Archive for the ‘malware’ Category

Google confirms that advanced backdoor came preinstalled on Android devices

June 6th, 2019
Man wearing T-shirt that reads

(credit: Alexandre Dulaunoy / Flickr)

Criminals in 2017 managed to get an advanced backdoor preinstalled on Android devices before they left the factories of manufacturers, Google researchers confirmed on Thursday.

Triada first came to light in 2016 in articles published by Kaspersky here and here, the first of which said the malware was "one of the most advanced mobile Trojans" the security firm's analysts had ever encountered. Once installed, Triada's chief purpose was to install apps that could be used to send spam and display ads. It employed an impressive kit of tools, including rooting exploits that bypassed security protections built into Android and the means to modify the Android OS' all-powerful Zygote process. That meant the malware could directly tamper with every installed app. Triada also connected to no fewer than 17 command and control servers.

In July 2017, security firm Dr. Web reported that its researchers had found Triada built into the firmware of several Android devices, including the Leagoo M5 Plus, Leagoo M8, Nomu S10, and Nomu S20. The attackers used the backdoor to surreptitiously download and install modules. Because the backdoor was embedded into one of the OS libraries and located in the system section, it couldn't be deleted using standard methods, the report said.

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Posted in Android, backdoor, Biz & IT, google, malware, supply chain attack | Comments (0)

Advanced Linux backdoor found in the wild escaped AV detection

May 30th, 2019
Advanced Linux backdoor found in the wild escaped AV detection

Enlarge (credit: Jeremy Brooks / Flickr)

Researchers say they’ve discovered an advanced piece of Linux malware that has escaped detection by antivirus products and appears to be actively used in targeted attacks.

HiddenWasp, as the malware has been dubbed, is a fully developed suite of malware that includes a trojan, rootkit, and initial deployment script, researchers at security firm Intezer reported on Wednesday. At the time Intezer’s post went live, the VirusTotal malware service indicated Hidden Wasp wasn’t detected by any of the 59 antivirus engines it tracks, although some have now begun to flag it. Time stamps in one of the 10 files Intezer analyzed indicated it was created last month. The command and control server that infected computers report to remained operational at the time this article was being prepared.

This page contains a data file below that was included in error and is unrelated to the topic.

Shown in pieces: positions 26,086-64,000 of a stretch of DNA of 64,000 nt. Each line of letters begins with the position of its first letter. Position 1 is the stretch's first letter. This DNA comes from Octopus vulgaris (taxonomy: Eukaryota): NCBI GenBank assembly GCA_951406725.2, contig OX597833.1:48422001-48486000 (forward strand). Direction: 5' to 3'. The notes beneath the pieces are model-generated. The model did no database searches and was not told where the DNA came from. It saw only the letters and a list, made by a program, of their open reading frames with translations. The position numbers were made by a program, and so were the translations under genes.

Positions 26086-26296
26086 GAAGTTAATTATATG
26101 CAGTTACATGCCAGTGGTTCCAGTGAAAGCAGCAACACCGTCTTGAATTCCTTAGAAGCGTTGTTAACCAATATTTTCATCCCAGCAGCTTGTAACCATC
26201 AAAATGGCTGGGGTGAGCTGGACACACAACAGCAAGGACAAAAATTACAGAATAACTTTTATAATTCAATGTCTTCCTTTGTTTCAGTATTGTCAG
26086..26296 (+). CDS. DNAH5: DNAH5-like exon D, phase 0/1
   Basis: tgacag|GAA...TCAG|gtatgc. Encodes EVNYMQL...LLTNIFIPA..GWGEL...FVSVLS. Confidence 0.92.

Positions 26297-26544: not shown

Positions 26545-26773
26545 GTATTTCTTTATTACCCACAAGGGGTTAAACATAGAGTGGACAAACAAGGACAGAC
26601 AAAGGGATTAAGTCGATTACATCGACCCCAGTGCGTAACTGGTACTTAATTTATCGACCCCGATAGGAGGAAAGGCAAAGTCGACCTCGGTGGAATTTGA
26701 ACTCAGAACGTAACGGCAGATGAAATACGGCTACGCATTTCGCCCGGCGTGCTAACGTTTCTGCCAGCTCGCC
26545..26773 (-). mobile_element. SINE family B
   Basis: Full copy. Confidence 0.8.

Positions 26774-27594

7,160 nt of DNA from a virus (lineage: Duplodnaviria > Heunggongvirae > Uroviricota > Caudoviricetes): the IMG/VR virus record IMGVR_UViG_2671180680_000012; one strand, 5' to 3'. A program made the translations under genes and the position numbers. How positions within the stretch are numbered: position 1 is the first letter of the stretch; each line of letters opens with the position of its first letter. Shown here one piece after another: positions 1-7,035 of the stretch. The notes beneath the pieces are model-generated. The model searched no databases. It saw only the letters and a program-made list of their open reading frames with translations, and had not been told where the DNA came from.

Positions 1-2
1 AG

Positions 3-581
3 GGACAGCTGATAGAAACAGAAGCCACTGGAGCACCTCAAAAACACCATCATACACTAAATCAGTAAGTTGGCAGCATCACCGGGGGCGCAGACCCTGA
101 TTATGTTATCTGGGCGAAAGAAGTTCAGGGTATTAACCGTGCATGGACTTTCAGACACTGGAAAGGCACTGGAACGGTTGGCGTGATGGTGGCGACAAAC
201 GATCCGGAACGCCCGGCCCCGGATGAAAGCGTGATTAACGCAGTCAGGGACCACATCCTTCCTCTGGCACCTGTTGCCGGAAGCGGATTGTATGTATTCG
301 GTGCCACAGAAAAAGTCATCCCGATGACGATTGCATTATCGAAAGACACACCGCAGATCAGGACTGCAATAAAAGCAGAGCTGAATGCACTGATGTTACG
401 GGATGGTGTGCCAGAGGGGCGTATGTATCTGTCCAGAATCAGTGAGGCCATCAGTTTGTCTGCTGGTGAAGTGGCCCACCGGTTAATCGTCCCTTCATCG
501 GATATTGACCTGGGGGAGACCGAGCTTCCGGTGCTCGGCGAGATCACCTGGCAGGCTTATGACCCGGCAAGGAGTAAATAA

Some of the evidence analyzed—including code showing that the computers it infects are already compromised by the same attackers—indicated that HiddenWasp is likely a later stage of malware that gets served to targets of interest who have already been infected by an earlier stage. It’s not clear how many computers have been infected or how any earlier related stages get installed. With the ability to download and execute code, upload files, and perform a variety of other commands, the purpose of the malware appears to be to remotely control the computers it infects. That's different from most Linux malware, which exists to perform denial of service attacks or mine cryptocurrencies.

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Posted in backdoors, Biz & IT, linux, malware, rootkits, trojans | Comments (0)

Hackers Infect 50,000 MS-SQL and PHPMyAdmin Servers with Rootkit Malware

May 29th, 2019
Cyber Security researchers at Guardicore Labs today published a detailed report on a widespread cryptojacking campaign attacking Windows MS-SQL and PHPMyAdmin servers worldwide. Dubbed Nansh0u, the malicious campaign is reportedly being carried out by an APT-style Chinese hacking group who has already infected nearly 50,000 servers and are installing a sophisticated kernel-mode rootkit on

Posted in cyber security, digital Certificate, hacking mysql, Linux Rootkit, malware, MySQL database, phpMyAdmin, rootkit, Windows Malware | Comments (0)

Flaw Affecting Millions of Cisco Devices Let Attackers Implant Persistent Backdoor

May 14th, 2019
Researchers have discovered a severe vulnerability in Cisco products that could allow attackers to implant persistent backdoor on wide range devices used in enterprises and government networks, including routers, switches, and firewalls. Dubbed Thrangrycat or 😾😾😾, the vulnerability, discovered by researchers from the security firm Red Balloon and identified as CVE-2019-1649, affects

Posted in bootkit, Cisco Device, cisco firewall, Cisco Router, cisco switch, hacking firewall, hacking news, hacking router, malware, remote code execution, secure boot | Comments (0)

Zero-day attackers deliver a double dose of ransomware—no clicking required

April 30th, 2019
Screenshot of ransomware warning.

Enlarge (credit: Cisco Talos)

Attackers have been actively exploiting a critical zero-day vulnerability in the widely used Oracle WebLogic server to install ransomware, with no clicking or other interaction necessary on the part of end users, researchers from Cisco Talos said on Tuesday.